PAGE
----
"If we can eat in a way that works for our planet as well as our bodies, the natural balance of the planet’s resources will be restored."
- Richard Horton, The Lancet
More than 800 million people still live in hunger, and many of us now eat more unhealthy than ever. Global food production remains the largest pressure caused by humans on the planet, threatening local ecosystems and the stability of the Earth system itself.
This is despite of increased food production around the world over the past 50 years, and a drop in hunger, infant mortality and poverty globally.
Feeding a growing population of 10 billion people by 2050 with a healthy and sustainable diet will be impossible without transforming eating habits, improving food production, and reducing food waste, concludes a scientific commission.
The EAT-Lancet Commission on healthy diets from sustainable food systems, a three-year long project involving scientists from 16 different countries, now provides the first scientific targets for a healthy diet that operates within the planetary boundaries. Their findings were published today in a report entitled Food in the Anthropocene in the medical journal The Lancet.
“The food we eat and how we produce it determines the health of people and the planet, and we are currently getting this seriously wrong,” says one of the commission authors, Professor Tim Lang from the University of London.
"We need a significant overhaul, changing the global food system on a scale not seen before in ways appropriate to each country’s circumstances."
To stay within planetary boundaries, the report urges a combination of major dietary change, improved food production through enhanced agriculture and technology changes, and reduced food waste during production and at the point of consumption.
On an individual level, the scientific commission recommend diets consisting of a variety of plant-based foods, with low amounts of animal-based foods, refined grains, highly processed foods, and added sugars, and with unsaturated rather than saturated fats. Consumption of red meat and sugar would have to be cut by over 50 percent to ensure human and planetary health.
Connection with nature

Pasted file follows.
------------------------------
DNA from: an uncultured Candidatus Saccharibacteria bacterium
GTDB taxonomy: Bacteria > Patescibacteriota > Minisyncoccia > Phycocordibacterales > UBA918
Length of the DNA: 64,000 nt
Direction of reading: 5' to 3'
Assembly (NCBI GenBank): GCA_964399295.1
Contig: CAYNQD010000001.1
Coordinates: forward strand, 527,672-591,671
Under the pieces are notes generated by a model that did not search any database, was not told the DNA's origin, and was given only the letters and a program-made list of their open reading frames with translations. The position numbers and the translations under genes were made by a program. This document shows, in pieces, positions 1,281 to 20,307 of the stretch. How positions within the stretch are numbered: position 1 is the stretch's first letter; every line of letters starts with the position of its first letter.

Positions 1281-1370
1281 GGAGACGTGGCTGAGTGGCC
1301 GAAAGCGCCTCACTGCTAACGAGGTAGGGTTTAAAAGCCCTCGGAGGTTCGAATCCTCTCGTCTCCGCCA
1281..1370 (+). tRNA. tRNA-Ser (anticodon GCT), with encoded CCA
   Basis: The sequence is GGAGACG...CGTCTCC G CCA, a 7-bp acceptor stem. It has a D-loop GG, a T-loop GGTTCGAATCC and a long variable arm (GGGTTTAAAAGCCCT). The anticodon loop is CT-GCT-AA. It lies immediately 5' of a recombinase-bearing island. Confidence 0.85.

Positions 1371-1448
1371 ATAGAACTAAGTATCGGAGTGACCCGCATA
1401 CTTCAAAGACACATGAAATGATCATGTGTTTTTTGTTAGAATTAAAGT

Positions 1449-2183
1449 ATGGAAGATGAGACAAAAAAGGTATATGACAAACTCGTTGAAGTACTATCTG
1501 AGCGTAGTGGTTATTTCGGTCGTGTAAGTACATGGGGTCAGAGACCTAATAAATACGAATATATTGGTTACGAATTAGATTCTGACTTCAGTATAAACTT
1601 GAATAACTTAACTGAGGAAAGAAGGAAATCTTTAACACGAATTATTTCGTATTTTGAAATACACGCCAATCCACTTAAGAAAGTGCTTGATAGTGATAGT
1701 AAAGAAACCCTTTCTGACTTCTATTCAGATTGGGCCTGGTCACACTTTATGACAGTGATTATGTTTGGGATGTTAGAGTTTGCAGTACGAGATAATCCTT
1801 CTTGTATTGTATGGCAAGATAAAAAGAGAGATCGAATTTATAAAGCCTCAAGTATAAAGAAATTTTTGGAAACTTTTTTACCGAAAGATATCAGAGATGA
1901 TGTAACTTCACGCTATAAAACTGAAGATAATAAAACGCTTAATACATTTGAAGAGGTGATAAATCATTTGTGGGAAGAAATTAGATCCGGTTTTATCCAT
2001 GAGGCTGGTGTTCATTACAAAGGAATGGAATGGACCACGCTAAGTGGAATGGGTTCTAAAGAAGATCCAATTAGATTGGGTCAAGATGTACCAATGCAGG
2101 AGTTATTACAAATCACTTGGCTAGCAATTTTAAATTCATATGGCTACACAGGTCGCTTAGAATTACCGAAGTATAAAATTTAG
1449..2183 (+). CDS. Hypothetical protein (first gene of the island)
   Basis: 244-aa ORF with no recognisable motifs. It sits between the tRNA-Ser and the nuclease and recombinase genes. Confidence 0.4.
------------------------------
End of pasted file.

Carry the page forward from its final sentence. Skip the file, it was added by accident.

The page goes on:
If the world followed this Planetary Health diet, more than 11 million premature deaths could be prevented annually. The diet addresses the global burden of disease that is linked to poor diets (including obesity, undernutrition, and malnutrition). Unhealthy diets are the leading cause of ill-health worldwide, causing more death and disease than unsafe sex, alcohol, drug, and tobacco use combined.
The diet would cut greenhouse gas emissions to levels compatible with the Paris Agreement on climate change, while also reducing biodiversity loss and phosphorus use, and limiting agriculture’s demand for land, water and nitrogen.
Professor Johan Rockström, from the Stockholm Resilience Centre, is a co-lead commissioner of the report. He said: "Designing ... sustainable food systems that can deliver healthy diets for a growing and wealthier world population presents a formidable challenge. Nothing less than a new global agricultural revolution."
Dr Richard Horton, editor-in-chief at The Lancet, added: "The transformation that the Commission calls for is not superficial or simple, and requires a focus on complex systems, incentives, and regulations, with communities and governments at multiple levels having a part to play in redefining how we eat.
"Our connection with nature holds the answer, and if we can eat in a way that works for our planet as well as our bodies, the natural balance of the planet’s resources will be restored."
Arthur Wyns is the program manager of Climate Tracker, an organisation supporting environmental journalists worldwide to bring climate change into their national debates. He tweets from @ArthurWyns